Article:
Date of Award


Document Type

Terminal Project

Degree Name

Master of City and Regional Planning (MCRP)


City Planning & Real Estate Development

Committee Member

Dr. Timothy Green, Committee Chair

Committee Member

Dr. Stephen Buckman


Under the Tax Cut and Jobs Act of 2017, the Opportunity Zone program was created in order to revive investment in communities that have experienced extensive poverty and distress. Though it follows a long tradition of place-based economic development policies, the concept of the Opportunity Zone Program was created by the Economic Innovation Group with the intention to direct capital investment to areas that have not recovered from the past recession or have never been a place in which the private sector has invested. The Opportunity Zone markets itself as a program that tries to “create a brighter tomorrow for communities that have been left behind, need to capital [and tries to] capitalize on private-sector resources that can help boost these areas in ways we haven’t seen before” (Tim Scott, 2017) Originally, the program was introduced under the “Investing in Opportunities Act and then reintroduced again the following year by Senator Tim Scott and Senator Cory Booker (Enterprise Community Partners, n.d). The bipartisan economic development policy has caused immense excitement in the real estate community and concern about how this will affect these places across the United States, especially in times where gentrification and displacement is of great concern.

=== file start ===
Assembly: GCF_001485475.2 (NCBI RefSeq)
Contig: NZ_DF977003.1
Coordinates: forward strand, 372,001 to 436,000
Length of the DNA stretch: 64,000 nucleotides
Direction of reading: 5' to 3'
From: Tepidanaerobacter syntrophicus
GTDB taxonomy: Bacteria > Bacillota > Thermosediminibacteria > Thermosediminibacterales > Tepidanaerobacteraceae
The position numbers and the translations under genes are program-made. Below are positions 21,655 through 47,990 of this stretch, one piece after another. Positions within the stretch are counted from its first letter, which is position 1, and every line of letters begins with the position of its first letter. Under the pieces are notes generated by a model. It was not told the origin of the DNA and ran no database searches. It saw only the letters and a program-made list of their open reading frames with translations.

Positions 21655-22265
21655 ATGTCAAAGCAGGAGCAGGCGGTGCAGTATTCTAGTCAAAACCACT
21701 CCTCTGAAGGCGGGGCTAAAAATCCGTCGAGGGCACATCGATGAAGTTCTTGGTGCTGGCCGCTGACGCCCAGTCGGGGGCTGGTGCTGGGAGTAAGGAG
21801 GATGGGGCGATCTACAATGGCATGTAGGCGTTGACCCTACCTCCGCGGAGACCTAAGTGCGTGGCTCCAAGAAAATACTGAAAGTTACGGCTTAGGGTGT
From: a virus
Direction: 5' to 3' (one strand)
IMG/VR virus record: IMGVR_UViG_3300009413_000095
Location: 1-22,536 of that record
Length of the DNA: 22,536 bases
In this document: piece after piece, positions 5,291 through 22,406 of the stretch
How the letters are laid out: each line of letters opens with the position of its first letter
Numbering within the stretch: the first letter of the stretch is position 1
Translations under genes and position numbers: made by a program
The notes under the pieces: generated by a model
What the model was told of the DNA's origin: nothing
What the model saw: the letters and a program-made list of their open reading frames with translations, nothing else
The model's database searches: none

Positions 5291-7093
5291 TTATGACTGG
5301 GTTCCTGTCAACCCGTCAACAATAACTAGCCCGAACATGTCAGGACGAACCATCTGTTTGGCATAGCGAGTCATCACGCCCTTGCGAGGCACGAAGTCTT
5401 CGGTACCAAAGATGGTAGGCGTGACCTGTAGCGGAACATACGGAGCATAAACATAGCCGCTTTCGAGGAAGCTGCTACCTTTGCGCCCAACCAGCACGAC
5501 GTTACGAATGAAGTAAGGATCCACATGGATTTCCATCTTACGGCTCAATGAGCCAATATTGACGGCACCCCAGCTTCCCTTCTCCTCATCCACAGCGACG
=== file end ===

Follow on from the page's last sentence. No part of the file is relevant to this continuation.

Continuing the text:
There have been several concerns that have been raised in regards to this program. One, are the right places being chosen for this incentive. Two, the details of the program are not clearly detailed one year into the programs creation furthering the concern that this program might just be another tax cut for investors and will aid in the process of gentrification. Three, this program appears to be a be a reiteration of former tax incentive programs by the Federal Government. These Federal place-based programs try to help fix persistently poor places and in order to help fix them iterations of the same program do not seem have any significant impact.

This terminal project tries to answer the question “How does the state discretion in Opportunity Zone declaration affect the program’s ability to truly combat economic distress?” The research question is significant to address why the designated census tracts are being chosen over other nominally eligible tracts. The research attempts to address whether or not the places that are being designated are truly distressed and to discover what designated census tracts have in common over places that are not being chosen.